Auto Insurance Coverage

Weatherford insurance lawyers need to know the coverages in an auto insurance policy. As for damage to the auto itself, the terms of coverage for damage to the auto are fairly straightforward:
1. “Named-Peril” coverage is provided on “covered autos.” The policy would provide that the carrier will pay for “direct and accidental loss to your covered auto.” The coverage is divided into “collision” coverage and “coverage other than collision.”
2. The “other than collision” coverage insures against more causes of loss than collision coverage. When both collision coverage and “other” peril coverage are purchased, then the insured is said to have “comprehensive” coverage.
Different deductibles can be applied to the different coverages. For relevant information about auto deductibles, see Texas Insurance Code, Section 542.201 through 542.205.
“Collision” is defined in most policies as “the upset, or collision with another object, of your covered auto.” In 1984, the Amarillo Court of Appeals found that a three-inch depression in a road, which caused damage to a trailer fell under the definition of “collision.”
“Other than collision” usually encompasses 10 named perils which include:
1. missiles or flying objects,
2. fire,
3. theft or larceny,
4. explosion or earthquake,
5. hail, water or flood,
6. malicious mischief or vandalism,
7. riot or civil commotion,
8. windstorm,
9. contact with bird or animals,
10. breakage of glass.
Policies do not usually define “accidental loss”; however, Texas courts have held that it is a loss that does not ordinarily follow and cannot reasonably be anticipated from the producing act — that is, one that the actor did not intend to produce.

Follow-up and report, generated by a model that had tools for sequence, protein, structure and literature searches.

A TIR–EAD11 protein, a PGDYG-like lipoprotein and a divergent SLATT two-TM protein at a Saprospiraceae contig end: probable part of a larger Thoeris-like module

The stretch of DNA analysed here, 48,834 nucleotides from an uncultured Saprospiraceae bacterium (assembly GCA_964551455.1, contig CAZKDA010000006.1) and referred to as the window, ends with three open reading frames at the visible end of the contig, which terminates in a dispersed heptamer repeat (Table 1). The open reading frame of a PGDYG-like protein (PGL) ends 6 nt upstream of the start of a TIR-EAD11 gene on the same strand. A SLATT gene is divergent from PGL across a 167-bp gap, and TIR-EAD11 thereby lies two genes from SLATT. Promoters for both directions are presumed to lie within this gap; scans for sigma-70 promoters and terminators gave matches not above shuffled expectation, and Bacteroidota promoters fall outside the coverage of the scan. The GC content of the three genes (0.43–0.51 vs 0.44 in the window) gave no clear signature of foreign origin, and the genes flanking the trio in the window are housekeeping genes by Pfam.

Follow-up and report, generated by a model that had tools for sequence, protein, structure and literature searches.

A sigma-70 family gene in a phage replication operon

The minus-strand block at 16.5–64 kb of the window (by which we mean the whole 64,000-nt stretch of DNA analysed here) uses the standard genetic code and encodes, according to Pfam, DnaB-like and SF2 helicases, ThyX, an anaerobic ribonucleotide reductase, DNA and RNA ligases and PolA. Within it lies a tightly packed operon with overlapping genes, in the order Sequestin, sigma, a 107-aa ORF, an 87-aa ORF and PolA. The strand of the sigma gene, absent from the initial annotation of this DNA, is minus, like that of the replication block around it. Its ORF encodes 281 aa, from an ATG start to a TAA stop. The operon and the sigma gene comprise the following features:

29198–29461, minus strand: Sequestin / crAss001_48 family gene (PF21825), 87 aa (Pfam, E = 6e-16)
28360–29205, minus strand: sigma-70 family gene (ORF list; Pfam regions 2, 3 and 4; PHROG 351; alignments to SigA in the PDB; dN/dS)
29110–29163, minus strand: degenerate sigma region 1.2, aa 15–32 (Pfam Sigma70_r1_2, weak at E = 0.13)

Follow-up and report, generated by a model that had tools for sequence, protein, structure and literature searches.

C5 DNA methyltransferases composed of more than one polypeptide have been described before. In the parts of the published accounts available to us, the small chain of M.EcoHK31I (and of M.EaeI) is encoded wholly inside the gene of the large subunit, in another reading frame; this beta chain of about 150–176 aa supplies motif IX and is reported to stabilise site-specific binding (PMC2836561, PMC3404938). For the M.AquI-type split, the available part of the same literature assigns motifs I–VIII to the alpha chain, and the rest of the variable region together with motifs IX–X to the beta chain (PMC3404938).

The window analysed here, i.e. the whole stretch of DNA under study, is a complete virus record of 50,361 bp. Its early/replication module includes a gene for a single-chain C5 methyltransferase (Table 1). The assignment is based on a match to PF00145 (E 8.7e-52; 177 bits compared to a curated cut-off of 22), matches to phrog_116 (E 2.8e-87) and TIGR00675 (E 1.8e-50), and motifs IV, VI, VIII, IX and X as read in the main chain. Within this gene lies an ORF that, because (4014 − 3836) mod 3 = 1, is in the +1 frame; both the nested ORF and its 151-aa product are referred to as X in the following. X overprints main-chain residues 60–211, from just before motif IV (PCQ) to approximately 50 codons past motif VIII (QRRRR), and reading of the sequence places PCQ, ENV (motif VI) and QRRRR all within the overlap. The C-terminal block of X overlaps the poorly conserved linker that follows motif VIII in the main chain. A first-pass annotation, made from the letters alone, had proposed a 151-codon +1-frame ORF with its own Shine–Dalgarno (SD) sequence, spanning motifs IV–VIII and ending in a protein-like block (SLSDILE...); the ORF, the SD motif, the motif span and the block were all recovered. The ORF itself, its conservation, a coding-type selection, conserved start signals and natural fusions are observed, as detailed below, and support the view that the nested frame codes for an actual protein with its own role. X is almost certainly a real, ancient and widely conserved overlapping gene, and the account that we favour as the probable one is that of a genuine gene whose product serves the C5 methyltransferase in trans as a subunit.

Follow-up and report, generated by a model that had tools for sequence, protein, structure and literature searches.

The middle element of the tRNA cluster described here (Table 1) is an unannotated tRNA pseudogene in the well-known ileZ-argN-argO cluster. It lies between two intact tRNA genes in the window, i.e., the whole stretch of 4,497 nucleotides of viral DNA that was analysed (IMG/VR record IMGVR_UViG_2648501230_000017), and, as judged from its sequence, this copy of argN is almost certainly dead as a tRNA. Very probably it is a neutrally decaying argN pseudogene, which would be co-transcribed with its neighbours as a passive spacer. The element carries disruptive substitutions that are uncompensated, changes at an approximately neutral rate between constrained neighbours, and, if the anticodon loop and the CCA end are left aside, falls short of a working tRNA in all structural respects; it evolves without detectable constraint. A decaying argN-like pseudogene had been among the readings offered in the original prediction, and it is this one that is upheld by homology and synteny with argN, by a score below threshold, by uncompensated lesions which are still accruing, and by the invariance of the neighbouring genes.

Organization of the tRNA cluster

Here are a few examples:
In a 1997, Austin Court of Appeals case, when an insured made a good faith purchase of a stolen vehicle and insured it, only to have the police confiscate it and return it to its true owner, such an act is not the natural and probable result of the insured’s good faith purchase. Accordingly, the loss of the vehicle was “accidental.” Even though the insured intentionally purchased the vehicle, the ensuing confiscation by the police was unexpected, unanticipated, and unintentional on the insured’s part. The court went on to say that a stolen vehicle, newly acquired by an insured was a “covered auto” even if the insured did not have good title. The insured had an insurable interest that was enough to make it a covered auto.
A 1955, Fort Worth Court of Appeals case said that an auto upset by a strong gust of wind while being driven on a public road was an accidental loss.
In contrast to the above, a 1983, Amarillo Court of Appeals said an intentional act such as an insured’s intentionally ramming his car into another car is not an accidental loss, notwithstanding the insured’s testimony that this act was done to prevent the occupant of another vehicle from shooting someone else.

Contact Information